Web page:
The first season (or, more accurately, series) of Sailor Moon
, where it all begins. Watch as Usagi ascends into superheroics, gathers the team of destiny, and gets some vaguely shocking revelations about her true nature while fighting against the machinations of the Queen Beryl and her Dark Kingdom.
The first seven episodes before Usagi recruits any of the other senshi have kind of a cheesy charm to them. Maybe it's because Usagi's civilian life is actually plausible, with her just acting like an ordinary Japanese girl without the baggage she ends up gaining in later episodes. It actually even seems like her superhero identity is tertiary, what with having to be reminded by Luna to save anything. It makes her fangirling of Sailor V seem rather bizarre by comparison.
Right from the first episode, you will be introduced to the series' fondness for coincidence. Usagi is given hair clips that relay the distress of civilians, but they're quickly forgotten because Usagi apparently can't go to the mall without stumbling upon the Dark Kingdom's latest plot to drain civilians of energy. Indeed, there is almost no investigation required for the team because nearly everything comes to them.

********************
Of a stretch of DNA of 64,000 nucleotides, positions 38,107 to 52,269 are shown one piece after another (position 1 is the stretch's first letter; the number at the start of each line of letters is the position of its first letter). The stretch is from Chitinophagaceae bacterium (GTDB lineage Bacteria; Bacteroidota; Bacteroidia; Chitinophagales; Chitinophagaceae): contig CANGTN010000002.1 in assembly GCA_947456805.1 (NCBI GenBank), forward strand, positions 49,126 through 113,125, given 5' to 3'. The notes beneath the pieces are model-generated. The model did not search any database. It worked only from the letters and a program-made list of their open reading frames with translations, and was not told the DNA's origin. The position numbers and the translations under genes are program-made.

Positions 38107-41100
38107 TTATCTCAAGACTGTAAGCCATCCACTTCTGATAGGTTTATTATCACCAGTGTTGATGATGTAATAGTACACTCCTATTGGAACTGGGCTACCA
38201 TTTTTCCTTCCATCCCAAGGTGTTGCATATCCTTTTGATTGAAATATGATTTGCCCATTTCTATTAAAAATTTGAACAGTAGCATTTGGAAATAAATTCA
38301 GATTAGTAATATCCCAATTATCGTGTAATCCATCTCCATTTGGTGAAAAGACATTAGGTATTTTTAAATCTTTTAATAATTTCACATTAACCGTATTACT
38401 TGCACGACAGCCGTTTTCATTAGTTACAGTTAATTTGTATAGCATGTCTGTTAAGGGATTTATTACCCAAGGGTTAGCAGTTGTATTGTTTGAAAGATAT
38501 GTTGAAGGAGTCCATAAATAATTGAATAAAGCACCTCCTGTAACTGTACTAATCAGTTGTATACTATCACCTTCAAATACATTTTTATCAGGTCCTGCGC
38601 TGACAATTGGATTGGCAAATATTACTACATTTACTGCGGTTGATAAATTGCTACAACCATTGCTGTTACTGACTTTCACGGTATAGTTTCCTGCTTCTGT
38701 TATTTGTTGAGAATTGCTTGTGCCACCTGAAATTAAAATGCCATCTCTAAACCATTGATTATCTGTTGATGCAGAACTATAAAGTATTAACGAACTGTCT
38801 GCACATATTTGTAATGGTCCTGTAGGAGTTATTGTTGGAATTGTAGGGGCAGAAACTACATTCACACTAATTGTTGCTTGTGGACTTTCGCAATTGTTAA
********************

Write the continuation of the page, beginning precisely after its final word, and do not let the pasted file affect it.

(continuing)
The other recurring coincidence lies in Tuxedo Kamen. You will learn to expect that tossed rose somehow stopping everything so he can offer cryptic statements and a window of opportunity for Usagi to save the day. The series is shameless about it. In fact, it seems Usagi is incapable of really doing anything on her own. She either needs encouragement or a distraction before she can use her battle ending special attack. Perhaps she just can't remember to do it on her own?
Eventually, the highly foreshadowed backstory behind the events is explained in all of about one episode. Odds are pretty good you've had it spoiled already, but I still won't say anything. What I will say is that it uses a lot of pushbutton terms and arching themes involving destiny to hide the fact that it's ultimately pretty shallow. It also has the unfortunate effect of making the series less interesting. Proof that the mundane is often more interesting than the fantastic.
By the end, the series introduces way too many characters along with establishing a disdain for the mundane and an over-reliance on magic for everything. Make of it what you will.